End of January and the sky is grey outside the studio windows. We’ve had freezing rain on and off this morning. Step outside and you take your life in your hands. Ice is everywhere.
I’ll stay inside in my studio, thank you very much, where it is warm and bright and the footing is sure. The music is on, Joe Hisaishi’s Freedom Piano Stories 4. My three strings of Christmas lights, hung around the walls, are on as well. They are my year-round joy, especially when days are grey and the light from the windows is dim like today.
My senses are wide awake this morning, and I am understanding how different my words are when I write from my body.
That sounds odd. I use my mind to write, of course. Well, yes and no. The more I write, the more I use body and mind as one.
This is a huge shift for me.
As child and adult, I’ve lived primarily in my mind. Mind ruled because my body was not a reliable place in which to be.
I grew up experiencing how my body was defective, broken, and wrong in so many ways. Eyes and ears requiring medical correction to function well. Balance and coordination just a little bit off kilter. Skin overreacting. A menstrual cycle guaranteeing monthly pain. Muscles and sleep throwing themselves into deeper dysfunction the older I became.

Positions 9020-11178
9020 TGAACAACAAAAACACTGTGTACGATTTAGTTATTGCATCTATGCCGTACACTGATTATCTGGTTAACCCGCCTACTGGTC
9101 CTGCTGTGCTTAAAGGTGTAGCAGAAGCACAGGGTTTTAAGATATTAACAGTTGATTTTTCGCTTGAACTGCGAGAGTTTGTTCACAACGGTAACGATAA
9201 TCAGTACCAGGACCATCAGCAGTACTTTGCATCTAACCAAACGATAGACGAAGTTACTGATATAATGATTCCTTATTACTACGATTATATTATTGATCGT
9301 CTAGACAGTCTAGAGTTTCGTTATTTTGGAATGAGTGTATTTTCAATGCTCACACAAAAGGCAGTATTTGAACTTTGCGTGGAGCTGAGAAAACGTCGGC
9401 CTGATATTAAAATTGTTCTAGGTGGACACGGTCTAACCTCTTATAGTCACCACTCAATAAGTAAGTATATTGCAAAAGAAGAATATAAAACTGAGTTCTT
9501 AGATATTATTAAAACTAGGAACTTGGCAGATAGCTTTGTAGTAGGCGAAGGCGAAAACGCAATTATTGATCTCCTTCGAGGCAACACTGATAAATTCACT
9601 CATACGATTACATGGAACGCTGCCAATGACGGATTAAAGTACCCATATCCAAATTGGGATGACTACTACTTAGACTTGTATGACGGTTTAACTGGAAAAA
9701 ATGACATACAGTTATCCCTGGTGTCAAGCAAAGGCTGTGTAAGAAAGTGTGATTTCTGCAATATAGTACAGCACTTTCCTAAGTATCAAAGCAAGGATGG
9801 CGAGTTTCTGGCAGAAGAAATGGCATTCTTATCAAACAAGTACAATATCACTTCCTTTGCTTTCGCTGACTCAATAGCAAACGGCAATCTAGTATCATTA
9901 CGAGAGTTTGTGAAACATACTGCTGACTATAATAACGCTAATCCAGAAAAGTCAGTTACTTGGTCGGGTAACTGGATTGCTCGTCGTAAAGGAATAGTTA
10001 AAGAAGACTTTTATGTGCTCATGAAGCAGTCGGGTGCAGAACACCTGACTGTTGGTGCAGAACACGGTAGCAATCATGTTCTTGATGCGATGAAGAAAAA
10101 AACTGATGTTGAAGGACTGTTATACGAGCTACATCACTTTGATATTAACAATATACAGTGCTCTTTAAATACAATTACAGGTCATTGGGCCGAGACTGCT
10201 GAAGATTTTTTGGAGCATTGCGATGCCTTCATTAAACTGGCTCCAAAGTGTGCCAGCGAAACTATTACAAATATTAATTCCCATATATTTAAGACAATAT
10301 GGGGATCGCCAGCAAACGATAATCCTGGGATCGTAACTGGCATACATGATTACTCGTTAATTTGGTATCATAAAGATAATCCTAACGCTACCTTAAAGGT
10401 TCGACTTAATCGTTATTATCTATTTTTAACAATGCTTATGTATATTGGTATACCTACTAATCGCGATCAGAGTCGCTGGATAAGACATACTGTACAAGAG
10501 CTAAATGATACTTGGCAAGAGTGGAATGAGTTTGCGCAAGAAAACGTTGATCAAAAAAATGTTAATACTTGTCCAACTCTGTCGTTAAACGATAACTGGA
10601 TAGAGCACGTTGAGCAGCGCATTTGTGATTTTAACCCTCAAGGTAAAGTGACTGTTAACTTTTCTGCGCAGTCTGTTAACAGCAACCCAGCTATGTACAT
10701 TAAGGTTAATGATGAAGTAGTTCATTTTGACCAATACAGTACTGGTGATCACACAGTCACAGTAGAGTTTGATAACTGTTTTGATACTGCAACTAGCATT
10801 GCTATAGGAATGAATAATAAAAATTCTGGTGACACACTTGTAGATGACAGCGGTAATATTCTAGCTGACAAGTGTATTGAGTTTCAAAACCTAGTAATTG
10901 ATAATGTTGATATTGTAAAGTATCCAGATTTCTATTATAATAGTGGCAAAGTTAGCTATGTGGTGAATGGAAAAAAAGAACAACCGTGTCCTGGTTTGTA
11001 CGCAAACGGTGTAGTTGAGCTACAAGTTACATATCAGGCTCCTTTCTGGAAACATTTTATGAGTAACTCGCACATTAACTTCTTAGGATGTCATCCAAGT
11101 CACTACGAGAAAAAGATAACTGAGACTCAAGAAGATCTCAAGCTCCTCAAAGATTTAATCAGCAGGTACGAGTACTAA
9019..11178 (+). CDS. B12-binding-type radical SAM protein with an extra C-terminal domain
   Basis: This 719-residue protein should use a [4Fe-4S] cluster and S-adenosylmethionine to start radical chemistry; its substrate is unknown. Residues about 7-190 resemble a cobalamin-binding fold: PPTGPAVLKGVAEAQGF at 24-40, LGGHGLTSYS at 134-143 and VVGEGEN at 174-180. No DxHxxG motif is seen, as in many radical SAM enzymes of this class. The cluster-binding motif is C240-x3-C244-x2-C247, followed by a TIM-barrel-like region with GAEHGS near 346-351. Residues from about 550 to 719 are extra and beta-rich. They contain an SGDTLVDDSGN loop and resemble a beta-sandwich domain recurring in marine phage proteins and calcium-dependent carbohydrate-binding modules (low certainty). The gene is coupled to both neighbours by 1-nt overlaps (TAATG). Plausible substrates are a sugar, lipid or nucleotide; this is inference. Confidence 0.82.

Being in my body did not equate to safety or comfort. No surprise I preferred to live in my mind.
As a writer, I am shifting this. I have to.
Body is the living place of my emotions and the beginning place of my writing. When I write from my body, emotion and experience become immediate. What I notice enriches me and makes its way into the words.
My mind refines what my body has initiated. It listens to the words that emotion and experience have put on the page. It listens for rhythm and pattern. Something in my mind knows when a word, phrase, or more, sounds wrong. It hears the stutter or break in the rhythm. It knows where the pattern is out of balance.
How it does this, I am not entirely sure.
I do know my body is rhythm. Breath, heartbeat, movement. My body lives in constant rhythm, and the experience translates itself to my mind.
Even more, my mind lives within my body, lives within breath and beat and movement.
“Not separate.” I hear as I write this. “We are one,” say my body and mind in chorus. “We are the ocean in which you live.”
I hear this, and suddenly I feel my mind in the tips of my toes, noticing how my socks are warm and soft and how my toes love the feeling. Noticing how the wood floor beneath my feet grounds me and my writing both. Mind and body noticing the reassuring steadiness of the chair I sit on, the familiar worn touch of my studio work table where my elbow leans. Noticing the joy of being deeply anchored in this moment of my life.
Here is body, mind, senses, emotion, and experience in concert. Braided in a single melody. Heard and experienced in a single voice.
Hear us. We are one.
In this post:
Composer and musician Joe Hisaishi, piano album Freedom Piano Stories 4. I first met his music through Hayao Miyazaki’s anime movie My Neighbour Totoro. https://en.wikipedia.org/wiki/Joe_Hisaishi